An important portfolio of images by Eugène Atget, one of the ‘founding fathers’ of modern photography, was thought to have been lost — until it was rediscovered ‘almost by chance’ among the archives of the artist André Derain
When the descendants of André Derain found a portfolio, hidden in the artist’s former Paris home, they had little idea of how important their discovery would turn out to be. Inside were works by Eugène Atget, one of the ‘founding fathers’ of modern photography, whose work had a profound influence on Derain’s own compositions.
Born in 1857, Atget first began taking photographs in 1890, documenting the architecture of Paris’s streets, from door handles to monuments and shop windows. Specialist Elodie Morel explains, ‘He wanted to make an inventory of the city, which could then be used by artists in their paintings.’ Atget’s work soon caught the eye of some of the great names in art history, including Man Ray and Georges Braque, who became collectors of his work.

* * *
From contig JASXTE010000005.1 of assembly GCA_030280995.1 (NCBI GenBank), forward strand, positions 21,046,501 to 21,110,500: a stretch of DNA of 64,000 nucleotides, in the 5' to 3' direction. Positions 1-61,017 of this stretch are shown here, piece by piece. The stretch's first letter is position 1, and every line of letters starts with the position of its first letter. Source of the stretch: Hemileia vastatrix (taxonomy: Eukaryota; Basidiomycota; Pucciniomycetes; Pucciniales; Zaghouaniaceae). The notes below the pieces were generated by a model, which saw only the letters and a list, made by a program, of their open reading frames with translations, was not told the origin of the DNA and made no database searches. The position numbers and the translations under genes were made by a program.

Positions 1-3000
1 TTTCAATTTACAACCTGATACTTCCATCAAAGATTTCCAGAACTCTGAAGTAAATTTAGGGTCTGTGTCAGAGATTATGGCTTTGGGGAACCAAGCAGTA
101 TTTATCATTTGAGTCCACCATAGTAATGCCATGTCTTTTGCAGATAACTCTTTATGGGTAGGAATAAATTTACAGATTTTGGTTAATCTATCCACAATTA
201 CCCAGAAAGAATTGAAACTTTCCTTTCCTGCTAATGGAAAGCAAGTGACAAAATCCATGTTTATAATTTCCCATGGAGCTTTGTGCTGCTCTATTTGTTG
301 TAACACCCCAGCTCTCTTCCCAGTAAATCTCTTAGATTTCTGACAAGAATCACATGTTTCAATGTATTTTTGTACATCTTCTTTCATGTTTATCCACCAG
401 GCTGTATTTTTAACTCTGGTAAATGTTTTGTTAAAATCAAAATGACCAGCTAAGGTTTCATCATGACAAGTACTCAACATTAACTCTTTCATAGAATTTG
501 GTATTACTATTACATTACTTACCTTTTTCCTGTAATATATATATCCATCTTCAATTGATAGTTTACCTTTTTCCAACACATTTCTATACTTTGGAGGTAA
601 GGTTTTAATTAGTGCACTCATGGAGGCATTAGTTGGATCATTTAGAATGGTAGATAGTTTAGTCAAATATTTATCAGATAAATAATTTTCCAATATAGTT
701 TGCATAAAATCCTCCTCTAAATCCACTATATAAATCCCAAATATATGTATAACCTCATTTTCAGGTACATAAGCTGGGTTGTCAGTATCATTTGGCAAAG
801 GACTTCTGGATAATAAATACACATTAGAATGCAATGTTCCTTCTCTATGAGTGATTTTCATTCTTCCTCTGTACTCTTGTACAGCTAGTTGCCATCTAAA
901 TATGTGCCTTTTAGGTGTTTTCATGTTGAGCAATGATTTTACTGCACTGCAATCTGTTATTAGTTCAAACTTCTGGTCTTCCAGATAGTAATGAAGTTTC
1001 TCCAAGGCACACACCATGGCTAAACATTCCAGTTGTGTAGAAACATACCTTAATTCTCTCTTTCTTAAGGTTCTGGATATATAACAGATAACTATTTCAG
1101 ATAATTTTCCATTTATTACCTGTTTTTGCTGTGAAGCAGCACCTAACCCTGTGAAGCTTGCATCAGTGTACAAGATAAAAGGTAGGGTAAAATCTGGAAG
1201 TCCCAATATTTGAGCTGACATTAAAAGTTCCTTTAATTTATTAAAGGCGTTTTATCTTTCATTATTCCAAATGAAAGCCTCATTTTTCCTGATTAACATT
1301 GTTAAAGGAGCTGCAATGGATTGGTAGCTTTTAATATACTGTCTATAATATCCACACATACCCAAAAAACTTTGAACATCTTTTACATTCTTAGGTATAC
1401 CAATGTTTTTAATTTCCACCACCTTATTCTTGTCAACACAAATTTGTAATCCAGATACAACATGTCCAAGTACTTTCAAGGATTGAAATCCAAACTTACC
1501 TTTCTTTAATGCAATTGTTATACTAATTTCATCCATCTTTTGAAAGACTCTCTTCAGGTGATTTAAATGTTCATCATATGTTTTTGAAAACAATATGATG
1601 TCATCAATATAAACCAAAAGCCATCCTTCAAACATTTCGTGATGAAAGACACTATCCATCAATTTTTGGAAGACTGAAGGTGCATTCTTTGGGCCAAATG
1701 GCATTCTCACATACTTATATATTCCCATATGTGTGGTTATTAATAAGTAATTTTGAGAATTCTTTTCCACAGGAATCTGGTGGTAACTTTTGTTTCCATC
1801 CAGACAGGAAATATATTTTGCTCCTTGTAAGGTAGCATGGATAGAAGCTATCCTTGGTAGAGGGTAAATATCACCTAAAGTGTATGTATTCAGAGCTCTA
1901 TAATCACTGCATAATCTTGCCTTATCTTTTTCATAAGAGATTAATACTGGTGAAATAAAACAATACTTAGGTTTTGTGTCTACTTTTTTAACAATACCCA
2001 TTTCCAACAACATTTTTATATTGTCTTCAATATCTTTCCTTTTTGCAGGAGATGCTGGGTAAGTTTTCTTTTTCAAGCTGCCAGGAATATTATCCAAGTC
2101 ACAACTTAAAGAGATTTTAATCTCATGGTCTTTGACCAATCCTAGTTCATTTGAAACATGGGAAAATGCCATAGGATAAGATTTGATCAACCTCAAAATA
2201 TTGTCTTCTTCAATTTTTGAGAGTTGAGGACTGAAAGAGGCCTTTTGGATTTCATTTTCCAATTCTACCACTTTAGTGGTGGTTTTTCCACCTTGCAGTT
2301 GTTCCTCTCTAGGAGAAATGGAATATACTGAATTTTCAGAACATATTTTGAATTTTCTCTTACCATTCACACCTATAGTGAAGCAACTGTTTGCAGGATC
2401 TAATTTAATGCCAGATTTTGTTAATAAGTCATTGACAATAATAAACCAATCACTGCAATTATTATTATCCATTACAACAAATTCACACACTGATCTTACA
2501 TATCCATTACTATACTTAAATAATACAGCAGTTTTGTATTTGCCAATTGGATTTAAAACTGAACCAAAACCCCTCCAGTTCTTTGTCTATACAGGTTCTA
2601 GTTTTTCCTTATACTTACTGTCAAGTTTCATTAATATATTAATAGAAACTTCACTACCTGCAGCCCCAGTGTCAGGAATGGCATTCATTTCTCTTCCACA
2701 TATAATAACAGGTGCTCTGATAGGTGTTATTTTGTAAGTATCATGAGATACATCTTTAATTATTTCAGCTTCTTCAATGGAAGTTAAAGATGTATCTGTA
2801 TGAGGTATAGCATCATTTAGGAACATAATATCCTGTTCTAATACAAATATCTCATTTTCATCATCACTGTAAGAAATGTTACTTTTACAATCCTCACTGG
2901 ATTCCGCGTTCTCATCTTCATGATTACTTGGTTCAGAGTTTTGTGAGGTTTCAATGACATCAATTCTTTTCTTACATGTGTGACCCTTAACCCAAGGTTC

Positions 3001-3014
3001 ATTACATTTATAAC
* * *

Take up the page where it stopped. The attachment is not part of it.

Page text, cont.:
In this video Geneviève Taillade, André Derain’s niece, describes the moment she discovered Atget’s photographs. ‘I thought they were beautiful,’ she says, ‘but didn’t realise they had been taken by such a prestigious artist.’ Certain images in the portfolio reveal complicity between Derain and Atget, who are believed to have been friends: a photograph of the Pont Neuf (above), re-emerges at the same angle in an engraving by Derain.
‘What I love about my work is that opportunity to find links with the past — to go back in time to a bygone era, and discover a story,’ says Morel. In establishing the affinity between these two great artists, this story is also ‘a discovery for the history of photography’, she adds. ‘This collection has been referenced many times but had never seen the light of day — until now.’